(Image: AAP/Joel Carrett)

News Corp’s regional and local network shuttered. Its campaigning newspapers increasingly unbought in print, and falling out of the top 10 digital destinations for news. Foxtel in financial (and audience) collapse. Sky with telephone booth audiences. 

Time to mix up fairy-tale analogies and ask: who’s afraid of the big, bad wolf when he has no clothes? 

Last week’s corporate restructure revealed that News Corp is losing the battle for an internet-centred business model. Worse, it’s already lost the more important fight: the war for attention.

Former News Corp Australia boss Kim Williams shrugged off concerns about the company’s bias in April with a “sure, but it doesn’t really matter”. (His exact words: “It attributes a level of power to old media that I don’t think they have any longer.”)

It surprises us because News Corp has been such a significant media influencer for so long — and the dominant influencer since the mid 1980s.  In that time, it’s rolled through three overlapping cycles in response to its perception of what its increasingly grumpy-old-man audience wants, as well as the political and commercial interests of the Murdochs.

It brought a sharpened brio shaped by the best of tabloid journalism first to Sydney in the 1960s and 1970s and then to the rest of Australia in the 1980s. It made Australian journalism better, more relevant. But it also demonstrated how the style could be wielded as a political weapon when it turned it on the Whitlam government in 1975. 

In the mid-eighties, as the company morphed from scrappy outsider to belligerent insider with the takeover of the Herald & Weekly Times, it deepened its reporting with an overlay of more sober Canberra-centred policy analysis (then called “economic rationalism”, now known as neoliberalism).

The News Corp papers — and The Australian in particular — became the intellectually dominant force in Australian journalism. More than any other organisation, they determined what was (and was not) news.

Its approach was mixed: all economic rationalism all the time, but committed to the policy, not the party. It supported Hawke and, later in the UK, Blair. It actively resisted the Liberals’ flirtation with racism between 1988 and 1990 and gave Indigenous issues a mainstream voice around the 1992 Mabo decision. 

But the injection of Fox News into its DNA — the first dose coming after 9/11 and the second after the 2008 financial crisis — saw that tabloid sensibility and policy overlay metastasise into something much more lethal: the media voice of the right’s ethno-nationalist project.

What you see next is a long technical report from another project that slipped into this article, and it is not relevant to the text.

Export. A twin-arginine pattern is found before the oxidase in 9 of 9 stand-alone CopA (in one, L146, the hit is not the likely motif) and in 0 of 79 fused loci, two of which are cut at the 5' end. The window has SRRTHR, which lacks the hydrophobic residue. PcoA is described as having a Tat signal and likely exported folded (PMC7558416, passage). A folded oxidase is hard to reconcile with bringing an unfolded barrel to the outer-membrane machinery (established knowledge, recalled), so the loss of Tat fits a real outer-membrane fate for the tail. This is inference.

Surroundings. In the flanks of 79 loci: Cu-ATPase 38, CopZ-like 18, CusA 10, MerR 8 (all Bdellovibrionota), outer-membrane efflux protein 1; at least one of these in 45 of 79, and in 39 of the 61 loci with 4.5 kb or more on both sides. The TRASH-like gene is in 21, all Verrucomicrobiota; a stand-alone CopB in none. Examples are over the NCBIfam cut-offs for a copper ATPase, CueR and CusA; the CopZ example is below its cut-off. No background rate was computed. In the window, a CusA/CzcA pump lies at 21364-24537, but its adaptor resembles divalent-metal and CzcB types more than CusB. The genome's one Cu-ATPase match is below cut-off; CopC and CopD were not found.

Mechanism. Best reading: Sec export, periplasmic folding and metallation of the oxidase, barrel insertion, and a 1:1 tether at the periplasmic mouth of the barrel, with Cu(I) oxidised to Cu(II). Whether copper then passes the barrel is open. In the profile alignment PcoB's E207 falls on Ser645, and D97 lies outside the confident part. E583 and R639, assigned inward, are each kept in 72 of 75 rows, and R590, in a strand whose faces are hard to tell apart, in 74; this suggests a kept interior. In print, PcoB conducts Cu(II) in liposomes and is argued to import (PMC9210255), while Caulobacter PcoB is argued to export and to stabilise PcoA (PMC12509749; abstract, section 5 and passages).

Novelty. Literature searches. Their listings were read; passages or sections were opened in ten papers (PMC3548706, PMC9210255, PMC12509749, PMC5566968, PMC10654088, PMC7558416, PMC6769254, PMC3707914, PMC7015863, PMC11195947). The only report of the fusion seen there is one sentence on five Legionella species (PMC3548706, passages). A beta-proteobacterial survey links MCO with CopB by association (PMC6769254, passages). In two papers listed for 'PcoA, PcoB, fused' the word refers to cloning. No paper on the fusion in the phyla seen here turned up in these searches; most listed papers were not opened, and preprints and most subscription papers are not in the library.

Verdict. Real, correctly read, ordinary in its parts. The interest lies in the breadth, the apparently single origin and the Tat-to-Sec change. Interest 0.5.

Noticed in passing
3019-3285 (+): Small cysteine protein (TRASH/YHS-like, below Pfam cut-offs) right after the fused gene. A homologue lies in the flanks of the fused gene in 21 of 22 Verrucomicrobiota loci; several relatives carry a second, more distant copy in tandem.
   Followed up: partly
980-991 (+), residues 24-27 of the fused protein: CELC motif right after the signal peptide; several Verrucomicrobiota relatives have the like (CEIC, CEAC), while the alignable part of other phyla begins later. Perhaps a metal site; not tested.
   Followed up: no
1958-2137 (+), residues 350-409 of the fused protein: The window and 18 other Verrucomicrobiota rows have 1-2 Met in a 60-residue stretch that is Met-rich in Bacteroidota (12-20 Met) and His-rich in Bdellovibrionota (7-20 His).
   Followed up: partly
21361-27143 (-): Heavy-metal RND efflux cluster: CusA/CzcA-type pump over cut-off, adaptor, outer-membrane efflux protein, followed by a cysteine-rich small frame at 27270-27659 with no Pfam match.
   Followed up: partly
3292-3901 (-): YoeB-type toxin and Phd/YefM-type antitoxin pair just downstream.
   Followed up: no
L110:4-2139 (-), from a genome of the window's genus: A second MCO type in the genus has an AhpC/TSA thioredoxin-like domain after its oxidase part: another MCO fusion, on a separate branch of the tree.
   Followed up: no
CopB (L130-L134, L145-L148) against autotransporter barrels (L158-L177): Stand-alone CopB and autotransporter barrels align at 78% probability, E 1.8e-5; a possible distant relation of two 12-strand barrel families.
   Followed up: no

In Australia, it aligned with the Abbott-led substitution of complex policy with three-word slogans, turning its op-ed writers in The Australian and columnists in its tabloids into something more like pamphleteers.

It intensified a visceral opposition to Rudd and Gillard (and, in the US, to Obama). It brought the tabloid style to the knife fight of the culture wars, particularly to target women and people of colour. Both in Australia and the US, it became a comfortable retirement home for conservative politicians.

It left News Corp, in Australia at least, with the look of journalism, but the feel of a political party, as Malcolm Turnbull wrote in his memoir. In effect, it has pulled off a not-particularly-friendly take-over of the Liberal Party from the right, much as Fox has with the US Republican Party.

This Foxified Australian arm did not emerge overnight. For a long time — and still in parts — News Corp sustained some strong voices practising good, deep journalism. But year by year, those voices have drifted out — retrenched, retired, moved on.

This new News Corp has not gone unnoticed or unchallenged. Its hubris has made it a target, from Hacked Off fighting the company’s methods in the UK through to the Sleeping Giants discouraging its advertisers.

This sacrifice of journalistic values has seen the company increase influence with conservative governments. Right-wing politicians are right to want to keep them on side. That’s why Scott Morrison still enthusiastically offers up interviews in front of the micro-audiences who watch Sky after dark.

But News Corp’s readership is now closer to a party’s political base than curious news-seekers (just read their comments!). Great for subscriptions behind a pay-wall. Not so much for public influence.

The result? Business model meets echo chamber.

Peter Fray

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